The worst people in the world gathered in New York on Thursday to condemn the United States for exercising its sovereign right to establish its embassy in Israel at Israel’s capital. The United States, which funds the lion’s share of the United Nations, hosts the organization in its most populous city, and offers $50 billion of taxpayers’ hard-earned money annually in foreign aid to member countries, did not take the condemnation of human rights abusers and terrorists lying down. U.N. Ambassador Nikki Haley explained,
When a nation is singled out for an attack in this organization, that nation is disresepected. What’s more, that nation is asked to pay for the privilege of being disrespected. In the case of the United States, we are asked to pay more than anyone else for that dubious privilege. Unlike some U.N, member countries, the United States government is answerable to its people, as such we have an obligation to acknowledge when our political and financial capital is being poorly spent. We have an obligation to demand more for our investment, and if our investment fails, we have an obligation to spend our resources in more productive ways. Those are the thoughts that come to mind when we consider the resolution before us today.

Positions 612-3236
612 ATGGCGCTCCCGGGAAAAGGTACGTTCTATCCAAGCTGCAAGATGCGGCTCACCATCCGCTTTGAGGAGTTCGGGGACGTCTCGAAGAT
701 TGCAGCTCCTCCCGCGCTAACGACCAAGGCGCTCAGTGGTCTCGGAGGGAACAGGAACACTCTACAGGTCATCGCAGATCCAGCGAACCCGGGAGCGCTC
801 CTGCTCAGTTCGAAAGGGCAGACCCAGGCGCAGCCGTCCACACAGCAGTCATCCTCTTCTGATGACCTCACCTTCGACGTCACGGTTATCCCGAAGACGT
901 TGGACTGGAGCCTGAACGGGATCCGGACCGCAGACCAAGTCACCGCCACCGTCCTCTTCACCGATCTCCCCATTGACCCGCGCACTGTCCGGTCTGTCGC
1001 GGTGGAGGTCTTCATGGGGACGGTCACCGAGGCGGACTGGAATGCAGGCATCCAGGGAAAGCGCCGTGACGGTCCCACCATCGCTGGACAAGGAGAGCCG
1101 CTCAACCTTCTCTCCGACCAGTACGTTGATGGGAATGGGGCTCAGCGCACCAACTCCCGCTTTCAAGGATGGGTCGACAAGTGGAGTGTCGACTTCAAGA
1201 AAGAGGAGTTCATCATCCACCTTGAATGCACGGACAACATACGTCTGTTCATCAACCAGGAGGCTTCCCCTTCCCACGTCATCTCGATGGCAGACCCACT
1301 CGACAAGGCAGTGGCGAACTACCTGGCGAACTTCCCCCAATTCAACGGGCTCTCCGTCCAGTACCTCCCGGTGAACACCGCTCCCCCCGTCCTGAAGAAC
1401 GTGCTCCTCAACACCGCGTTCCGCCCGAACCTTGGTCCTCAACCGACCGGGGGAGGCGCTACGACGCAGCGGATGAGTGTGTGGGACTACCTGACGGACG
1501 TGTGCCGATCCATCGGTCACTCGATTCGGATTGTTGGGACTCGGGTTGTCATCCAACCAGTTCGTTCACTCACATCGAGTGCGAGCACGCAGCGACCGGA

Ahead of the vote, both President Trump and Ambassador Haley threatened to withdraw foreign aid to countries that voted to condemn the United States. Nevertheless, representatives from some of the most brutal regimes on earth, including North Korea, Yemen, Turkey, Venezuela, Cuba, Syria, and Iran, spoke in support of the measure; and 128 members countries, including many of our alleged allies, voted in lockstep with them. Turkish Foreign Minister Mevlut Cavusoglu had the temerity to whine that his benefactor might withdraw the hundreds of millions of dollars in foreign aid that it regularly provides to the increasingly hostile regime. “We were all asked to vote no or face consequences,” complained Cavusoglu. “Some even threatened to cut development aid. This is bullying. It is unethical to think that the votes and dignity of member states are for sale.